Last modified on April 29, 2017, at 21:22


For similar terms, please see Czar (disambiguation).

A tsar (or tzar or czar - царь) is an emperor or monarch of certain Slavic countries. In Russia, the original title was first adopted by Ivan IV in 1547 and was in use until the People's Revolution of 1918, when the people of Russia executed Nicholas II and his entire family. Russia adopted a system of communism as advocated by Lenin and Stalin. Currently, modern Russian and other Slavic languages use Tzar interchangeably with "king" or "monarch".

The word traces its roots back to the word "Ceasar" from the Roman Empire, the same roots that are used in the German word Kaiser, their term for emperor.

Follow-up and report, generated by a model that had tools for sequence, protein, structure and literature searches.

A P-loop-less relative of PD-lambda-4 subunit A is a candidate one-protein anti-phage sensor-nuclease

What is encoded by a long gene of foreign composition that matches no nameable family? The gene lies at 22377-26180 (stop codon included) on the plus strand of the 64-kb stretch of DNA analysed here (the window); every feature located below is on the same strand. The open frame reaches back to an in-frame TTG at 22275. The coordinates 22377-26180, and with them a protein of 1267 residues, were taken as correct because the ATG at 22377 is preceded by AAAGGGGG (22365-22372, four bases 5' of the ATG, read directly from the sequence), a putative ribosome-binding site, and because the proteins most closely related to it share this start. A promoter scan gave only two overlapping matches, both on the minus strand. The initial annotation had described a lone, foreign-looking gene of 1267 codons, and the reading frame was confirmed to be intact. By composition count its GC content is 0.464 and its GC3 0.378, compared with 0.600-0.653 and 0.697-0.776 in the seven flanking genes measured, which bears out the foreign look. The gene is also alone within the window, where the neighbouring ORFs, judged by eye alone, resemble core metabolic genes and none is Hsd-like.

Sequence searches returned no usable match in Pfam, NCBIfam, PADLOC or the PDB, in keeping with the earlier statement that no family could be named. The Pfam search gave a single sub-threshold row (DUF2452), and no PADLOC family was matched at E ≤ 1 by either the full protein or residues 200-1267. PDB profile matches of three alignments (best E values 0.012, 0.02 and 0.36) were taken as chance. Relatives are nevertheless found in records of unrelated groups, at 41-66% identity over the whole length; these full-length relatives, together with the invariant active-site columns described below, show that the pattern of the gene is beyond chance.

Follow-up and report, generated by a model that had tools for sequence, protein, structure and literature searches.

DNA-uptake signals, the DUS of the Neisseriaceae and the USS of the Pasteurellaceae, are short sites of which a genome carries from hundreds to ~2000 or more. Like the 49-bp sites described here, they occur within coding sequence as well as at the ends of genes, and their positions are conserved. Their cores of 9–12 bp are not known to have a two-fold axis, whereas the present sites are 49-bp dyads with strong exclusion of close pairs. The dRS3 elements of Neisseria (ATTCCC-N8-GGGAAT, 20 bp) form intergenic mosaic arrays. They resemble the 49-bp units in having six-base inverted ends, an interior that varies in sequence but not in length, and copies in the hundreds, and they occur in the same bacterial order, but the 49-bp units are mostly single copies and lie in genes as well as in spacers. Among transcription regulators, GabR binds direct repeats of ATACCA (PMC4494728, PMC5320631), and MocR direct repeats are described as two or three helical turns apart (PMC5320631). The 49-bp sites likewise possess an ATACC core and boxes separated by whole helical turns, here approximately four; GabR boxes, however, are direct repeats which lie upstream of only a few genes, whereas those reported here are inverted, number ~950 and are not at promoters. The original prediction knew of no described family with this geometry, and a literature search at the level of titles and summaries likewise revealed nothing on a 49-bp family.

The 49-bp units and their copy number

The term is also now used in America and the United Kingdom[1] to refer to bureaucrats in charge of carrying out some aspect of United States Government policy, such as the Drug Czar.


The New American Desk Encyclopedia, Penguin Group, 1989


  1. As in this article from the Independent newspaper.